A Last New Orleans Neighborhood to Dry Out
STEVE INSKEEP, host:
Three weeks after Katrina, the city of New Orleans is almost entirely dry for as long as that lasts. One of the areas with the deepest water was the Gentilly neighborhood which was the last place where the water receded. That's now allowing emergency personnel and residents to get to houses they could not reach before. NPR's Robert Smith reports this morning on what they're finding.
ROBERT SMITH reporting:
After the hurricane, the water in the Gentilly neighborhood was up to the eves of the houses. Three days ago, it was lapping on the top of the front steps, but now Stan Richard can finally walk up to the door of his house, although he wouldn't call it bone-dry.
Mr. STAN RICHARD: More like mucky.
SMITH: But almost dry.
Mr. RICHARD: Almost dry for now.
SMITH: There are still a few flooded underpasses and plenty of mud, but the surface water in New Orleans is gone. The Army Corps of Engineers managed to pump out an estimated three quarters of a trillion gallons of water ahead of schedule. The rapid draining is allowing search and rescue personnel to finally get to neighborhoods like Gentilly that had been impassible before.
(Soundbite of cleanup)
SMITH: Joe Mack of Pennsylvania's Urban Search & Rescue team is leading a convoy of trained firefighters into a part of the neighborhood that looks like a drained lake bed. There's no concrete or grass visible, just a rotting mud, the color of tar, but Mack says all this mess is easier than dealing with the water.
Mr. JOE MACK (Urban Search-And-Rescue Team, Pennsylvania): It slows you down. It bogs you down. We've been contending with mud but not really any depth of water, so...
SMITH: Over the last couple of weeks, the houses here have been quickly checked by teams in boats, but this is the first chance at a thorough search for any victims. Brent Wilson, a private contractor, moves ahead of the trucks, carefully clearing the debris.
Mr. BRENT WILSON (Private Contractor): Keep your eye out for bodies.
SMITH: Have you seen any?
Mr. WILSON: Not yet, but they're around here.
SMITH: Behind him, the firefighters visit each house. They pry open the doors and quickly check each room. Then they pull out a can of orange spray paint and leave a symbol on the side of the house. Firefighter George Reese decodes it for me.
Mr. GEORGE REESE (Firefighter): You know, we make an initial slash saying that we've gained entry into the place. And then when we clear the structure, we X it out so it's a total X.
SMITH: Then inside the X, they write the date, the unit and a code for hazardous materials, and at the bottom, the number of victims alive or dead inside.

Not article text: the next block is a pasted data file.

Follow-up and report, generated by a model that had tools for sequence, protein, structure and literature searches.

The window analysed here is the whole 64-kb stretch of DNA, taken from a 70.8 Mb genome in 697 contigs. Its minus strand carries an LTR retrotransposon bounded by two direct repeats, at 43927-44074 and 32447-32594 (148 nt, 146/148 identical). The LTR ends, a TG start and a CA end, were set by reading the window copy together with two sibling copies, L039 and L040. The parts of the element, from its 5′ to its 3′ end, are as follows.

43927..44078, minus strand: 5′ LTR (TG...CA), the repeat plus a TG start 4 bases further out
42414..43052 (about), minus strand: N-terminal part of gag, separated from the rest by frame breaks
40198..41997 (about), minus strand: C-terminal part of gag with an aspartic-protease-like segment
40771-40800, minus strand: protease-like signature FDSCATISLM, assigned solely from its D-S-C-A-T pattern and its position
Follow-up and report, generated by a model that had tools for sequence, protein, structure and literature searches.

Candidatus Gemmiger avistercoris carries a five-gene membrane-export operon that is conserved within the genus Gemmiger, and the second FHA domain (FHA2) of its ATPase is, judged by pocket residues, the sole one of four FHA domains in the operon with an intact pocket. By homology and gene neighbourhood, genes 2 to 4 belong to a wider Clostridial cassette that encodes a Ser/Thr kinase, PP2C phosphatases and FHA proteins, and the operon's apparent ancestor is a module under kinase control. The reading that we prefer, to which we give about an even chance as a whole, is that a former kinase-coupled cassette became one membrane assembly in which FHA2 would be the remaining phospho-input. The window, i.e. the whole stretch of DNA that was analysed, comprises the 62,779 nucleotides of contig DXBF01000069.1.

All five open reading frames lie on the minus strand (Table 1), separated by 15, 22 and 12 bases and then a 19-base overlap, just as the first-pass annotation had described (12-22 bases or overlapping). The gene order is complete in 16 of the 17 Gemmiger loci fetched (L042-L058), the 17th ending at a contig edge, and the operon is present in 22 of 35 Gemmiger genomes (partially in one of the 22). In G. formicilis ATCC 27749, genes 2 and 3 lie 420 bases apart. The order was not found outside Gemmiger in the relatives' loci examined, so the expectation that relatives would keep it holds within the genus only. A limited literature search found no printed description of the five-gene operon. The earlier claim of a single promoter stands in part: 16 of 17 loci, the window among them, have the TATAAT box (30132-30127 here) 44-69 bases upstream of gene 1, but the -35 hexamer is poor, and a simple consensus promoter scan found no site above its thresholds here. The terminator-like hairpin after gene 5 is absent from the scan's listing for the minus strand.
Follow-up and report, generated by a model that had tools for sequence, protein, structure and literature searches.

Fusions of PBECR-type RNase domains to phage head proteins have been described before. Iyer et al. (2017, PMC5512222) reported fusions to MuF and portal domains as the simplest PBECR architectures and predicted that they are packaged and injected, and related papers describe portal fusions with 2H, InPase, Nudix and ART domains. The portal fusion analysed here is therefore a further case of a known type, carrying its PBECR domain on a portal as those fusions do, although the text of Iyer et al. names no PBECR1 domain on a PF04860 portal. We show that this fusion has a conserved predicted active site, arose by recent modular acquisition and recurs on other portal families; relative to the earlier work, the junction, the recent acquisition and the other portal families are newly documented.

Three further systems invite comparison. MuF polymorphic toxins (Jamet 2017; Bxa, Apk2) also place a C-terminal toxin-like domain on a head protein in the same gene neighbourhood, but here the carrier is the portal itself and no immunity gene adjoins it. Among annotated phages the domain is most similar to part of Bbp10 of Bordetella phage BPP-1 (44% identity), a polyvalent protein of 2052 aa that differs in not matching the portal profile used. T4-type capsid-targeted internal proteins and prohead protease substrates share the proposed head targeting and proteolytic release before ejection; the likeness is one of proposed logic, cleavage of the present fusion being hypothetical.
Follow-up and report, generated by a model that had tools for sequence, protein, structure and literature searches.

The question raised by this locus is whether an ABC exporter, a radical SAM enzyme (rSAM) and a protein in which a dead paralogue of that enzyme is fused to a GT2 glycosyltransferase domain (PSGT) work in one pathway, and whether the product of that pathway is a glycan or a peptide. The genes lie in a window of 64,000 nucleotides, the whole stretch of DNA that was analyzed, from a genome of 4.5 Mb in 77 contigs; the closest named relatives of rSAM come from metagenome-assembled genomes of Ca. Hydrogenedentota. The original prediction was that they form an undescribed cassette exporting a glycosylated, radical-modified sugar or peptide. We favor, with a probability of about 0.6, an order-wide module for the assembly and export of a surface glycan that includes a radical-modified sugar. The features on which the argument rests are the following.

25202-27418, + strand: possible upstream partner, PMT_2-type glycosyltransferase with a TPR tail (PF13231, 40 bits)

Mr. REESE: We've been very lucky. We haven't--I mean, we're doing thorough searches. We have found no victims.
SMITH: The number of people who died as a result of Hurricane Katrina appears to be stabilizing as almost all of the New Orleans neighborhoods now have been searched. As of yesterday, officials say they have confirmed 736 deaths in Louisiana from the storm, mostly all in New Orleans, and emergency officials are following every lead they can to make sure there aren't more undiscovered bodies out there.
(Soundbite of radio)
SMITH: Police Officers Rich Wheels(ph) and John Palison(ph), on loan from New Jersey, are moving through the now drained neighborhood responding to 911 calls. The odd thing is the calls are three weeks old. They say that New Orleans got around 8,000 calls to 911 during and after the storm but no one could respond to because of the water. Now they're clearing the backlog and going down the list.
Unidentified Man: And so we've got to go to all of these houses. It's so backed up that now we're just checking on all the 911 calls.
SMITH: There's a report of looting at the Children's Hospital on August 31st that they have to look into and a call from a woman trapped in her attic right after the flood. They know they won't be finding survivors or arresting suspects this long afterwards, but until the water receded, there was little they could do.
Robert Smith, NPR News, New Orleans.
NPR transcripts are created on a rush deadline by Verb8tm, Inc., an NPR contractor, and produced using a proprietary transcription process developed with NPR. This text may not be in its final form and may be updated or revised in the future. Accuracy and availability may vary. The authoritative record of NPR’s programming is the audio record.